• UHDB expects to be fined £3m for not hitting targets enforced by NHSE
  • Policy described as “tone-deaf” by King’s Fund expert

NHS England has been criticised for its ‘tone-deaf’ attempts to maintain financial incentives on elective care, even as the service deals with extreme pressures from coronavirus.

As covid pressures fell over the summer, national finance chiefs issued new targets around elective activity, tied to financial penalties and rewards. NHSE has said it would apply fines “sensitively in the light of operational circumstances”.

Yet a report yesterday to the board of one struggling trust, University Hospitals of Derby and Burton Foundation Trust — which had around a third of its beds occupied by covid patients at the start of this week — suggested it faces £3m in fines for not reaching its targets.

The report said UHDB’s “half-year plan for October 2020 – March 2021 was a £10m deficit (including £3m assumed for penalties for not achieving [elective] activity targets.”

A separate report to the board meeting added: “Covid-19 inpatient demand continues to exceed our worst-case scenario… a downturn in elective activity is necessary to enable theatre staff to support the pressures of an expanded ICU on both sites — this compounds an already challenging position in terms of backlogs and waiting times.”

Richard Murray, chief executive of the King’s Fund and a former senior finance official at the Department of Health, said: “If the elective incentive scheme can, and should, be suspended where bed occupancy or staff absences are high then I would say that this means it is effectively defunct, given the current state of the service.

“More fundamentally, at a time when trusts will be putting every resource they have into treating covid patients and the vaccination programme, fine-tuning a system of fines for elective under-performance comes across as pretty tone-deaf.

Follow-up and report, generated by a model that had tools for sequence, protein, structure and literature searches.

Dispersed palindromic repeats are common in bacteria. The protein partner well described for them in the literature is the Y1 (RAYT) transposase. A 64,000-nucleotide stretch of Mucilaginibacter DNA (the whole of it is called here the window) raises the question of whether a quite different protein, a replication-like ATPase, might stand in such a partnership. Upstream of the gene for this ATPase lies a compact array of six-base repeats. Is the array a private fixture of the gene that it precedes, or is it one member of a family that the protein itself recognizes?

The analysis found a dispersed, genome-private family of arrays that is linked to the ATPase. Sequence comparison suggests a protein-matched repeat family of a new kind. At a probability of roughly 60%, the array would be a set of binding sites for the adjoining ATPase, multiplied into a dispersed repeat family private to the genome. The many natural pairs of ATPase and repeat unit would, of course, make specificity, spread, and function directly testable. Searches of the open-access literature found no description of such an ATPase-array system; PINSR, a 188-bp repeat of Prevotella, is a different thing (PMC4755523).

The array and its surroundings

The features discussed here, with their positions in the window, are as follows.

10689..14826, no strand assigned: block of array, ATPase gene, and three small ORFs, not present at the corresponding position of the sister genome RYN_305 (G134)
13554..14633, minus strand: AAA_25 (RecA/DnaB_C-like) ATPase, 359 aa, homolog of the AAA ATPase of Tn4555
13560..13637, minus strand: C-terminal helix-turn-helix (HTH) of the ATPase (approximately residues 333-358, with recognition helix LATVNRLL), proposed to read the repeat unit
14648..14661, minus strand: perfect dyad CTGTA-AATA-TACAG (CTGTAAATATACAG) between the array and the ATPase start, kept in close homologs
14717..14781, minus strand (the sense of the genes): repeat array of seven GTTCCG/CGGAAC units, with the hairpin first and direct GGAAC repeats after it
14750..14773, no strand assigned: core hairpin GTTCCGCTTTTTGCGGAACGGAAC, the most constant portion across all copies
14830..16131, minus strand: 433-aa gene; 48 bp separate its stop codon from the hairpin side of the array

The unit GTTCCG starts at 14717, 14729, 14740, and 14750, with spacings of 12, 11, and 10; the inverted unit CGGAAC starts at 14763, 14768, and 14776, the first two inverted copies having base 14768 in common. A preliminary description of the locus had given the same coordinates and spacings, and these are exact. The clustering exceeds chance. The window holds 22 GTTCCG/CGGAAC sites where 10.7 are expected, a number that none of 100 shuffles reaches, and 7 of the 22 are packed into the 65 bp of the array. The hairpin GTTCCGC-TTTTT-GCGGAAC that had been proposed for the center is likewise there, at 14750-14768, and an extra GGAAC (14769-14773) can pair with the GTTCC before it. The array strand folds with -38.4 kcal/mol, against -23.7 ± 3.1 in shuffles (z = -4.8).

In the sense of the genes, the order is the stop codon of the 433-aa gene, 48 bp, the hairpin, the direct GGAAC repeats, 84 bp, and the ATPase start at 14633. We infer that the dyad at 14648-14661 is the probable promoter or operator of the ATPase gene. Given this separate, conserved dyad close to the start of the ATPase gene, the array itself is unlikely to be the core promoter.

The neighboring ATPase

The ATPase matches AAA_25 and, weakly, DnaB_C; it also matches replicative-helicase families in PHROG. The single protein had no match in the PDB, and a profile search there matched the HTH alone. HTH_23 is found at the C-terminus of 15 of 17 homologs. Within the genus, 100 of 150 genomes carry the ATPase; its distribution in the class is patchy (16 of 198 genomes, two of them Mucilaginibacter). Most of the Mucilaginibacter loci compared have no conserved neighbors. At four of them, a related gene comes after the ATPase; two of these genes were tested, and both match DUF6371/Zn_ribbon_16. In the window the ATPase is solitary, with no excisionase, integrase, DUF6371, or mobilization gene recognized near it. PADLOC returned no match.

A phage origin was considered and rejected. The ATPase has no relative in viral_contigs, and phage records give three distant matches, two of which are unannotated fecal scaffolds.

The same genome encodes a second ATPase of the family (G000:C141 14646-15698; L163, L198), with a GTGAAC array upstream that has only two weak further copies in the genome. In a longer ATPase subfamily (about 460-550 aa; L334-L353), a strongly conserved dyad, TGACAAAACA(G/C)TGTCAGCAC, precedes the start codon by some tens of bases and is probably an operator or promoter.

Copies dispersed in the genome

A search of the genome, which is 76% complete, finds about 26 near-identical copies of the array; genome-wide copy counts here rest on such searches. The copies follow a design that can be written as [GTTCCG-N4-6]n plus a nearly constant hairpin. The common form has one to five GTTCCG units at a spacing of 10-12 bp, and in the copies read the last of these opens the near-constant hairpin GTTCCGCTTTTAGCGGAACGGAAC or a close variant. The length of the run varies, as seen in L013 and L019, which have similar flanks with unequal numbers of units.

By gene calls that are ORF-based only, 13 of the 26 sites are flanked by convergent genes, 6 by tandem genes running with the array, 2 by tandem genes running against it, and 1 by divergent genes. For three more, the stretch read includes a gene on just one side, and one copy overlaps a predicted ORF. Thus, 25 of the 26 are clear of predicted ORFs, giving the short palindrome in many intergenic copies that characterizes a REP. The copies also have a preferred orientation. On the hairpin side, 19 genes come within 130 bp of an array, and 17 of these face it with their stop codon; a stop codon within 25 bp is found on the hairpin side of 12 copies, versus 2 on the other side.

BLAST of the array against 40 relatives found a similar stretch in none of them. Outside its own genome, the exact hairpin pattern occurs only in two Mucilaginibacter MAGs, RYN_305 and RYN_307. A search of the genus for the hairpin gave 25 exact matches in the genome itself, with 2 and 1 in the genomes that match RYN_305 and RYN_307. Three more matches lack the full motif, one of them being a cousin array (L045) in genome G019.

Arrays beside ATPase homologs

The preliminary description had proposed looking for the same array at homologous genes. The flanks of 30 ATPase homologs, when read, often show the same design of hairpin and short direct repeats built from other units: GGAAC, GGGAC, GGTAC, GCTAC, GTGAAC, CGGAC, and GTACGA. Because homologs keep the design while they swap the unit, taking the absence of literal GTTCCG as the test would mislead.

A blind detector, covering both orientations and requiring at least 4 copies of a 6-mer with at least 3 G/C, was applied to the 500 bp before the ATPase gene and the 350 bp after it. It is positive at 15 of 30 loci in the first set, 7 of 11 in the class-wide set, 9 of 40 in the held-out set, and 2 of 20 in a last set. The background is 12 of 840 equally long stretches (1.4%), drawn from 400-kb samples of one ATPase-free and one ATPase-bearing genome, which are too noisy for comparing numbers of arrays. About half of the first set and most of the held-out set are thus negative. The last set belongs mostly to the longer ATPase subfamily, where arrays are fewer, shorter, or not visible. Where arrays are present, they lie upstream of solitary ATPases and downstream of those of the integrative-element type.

“From every conversation we have had with the service, leaders and staff were aware of the importance of reducing the backlog and didn’t need an increasingly complex system of financial penalties and rewards. It is covid that has stopped them, not a lack of financial incentives.”

UHDB said it is still waiting for further guidance as to how, or if, its financial performance targets will still be applied as part of the scheme.

At the board meeting, chief executive Gavin Boyle said there were 475 covid positive patients at the trust. He noted that during the first peak there was a maximum of 250 positive patients at any one time, rising to 300 during the second wave.

HSJ asked NHSE whether there were any plans to scrap the scheme.

A spokesman said: “The NHS has always been clear that it would apply any payment scheme for elective care sensitively in the light of operational circumstances, while ensuring that resources flow to support those organisations which are able to maintain and increase elective activity.

“That’s why the NHS advised local health systems in December it would be introducing a 10 percentage point tolerance or buffer in applying the scheme for September and October, and confirmed that going forward the scheme would be suspended where levels of covid bed occupancy or staff absence rates suggest that is necessary.”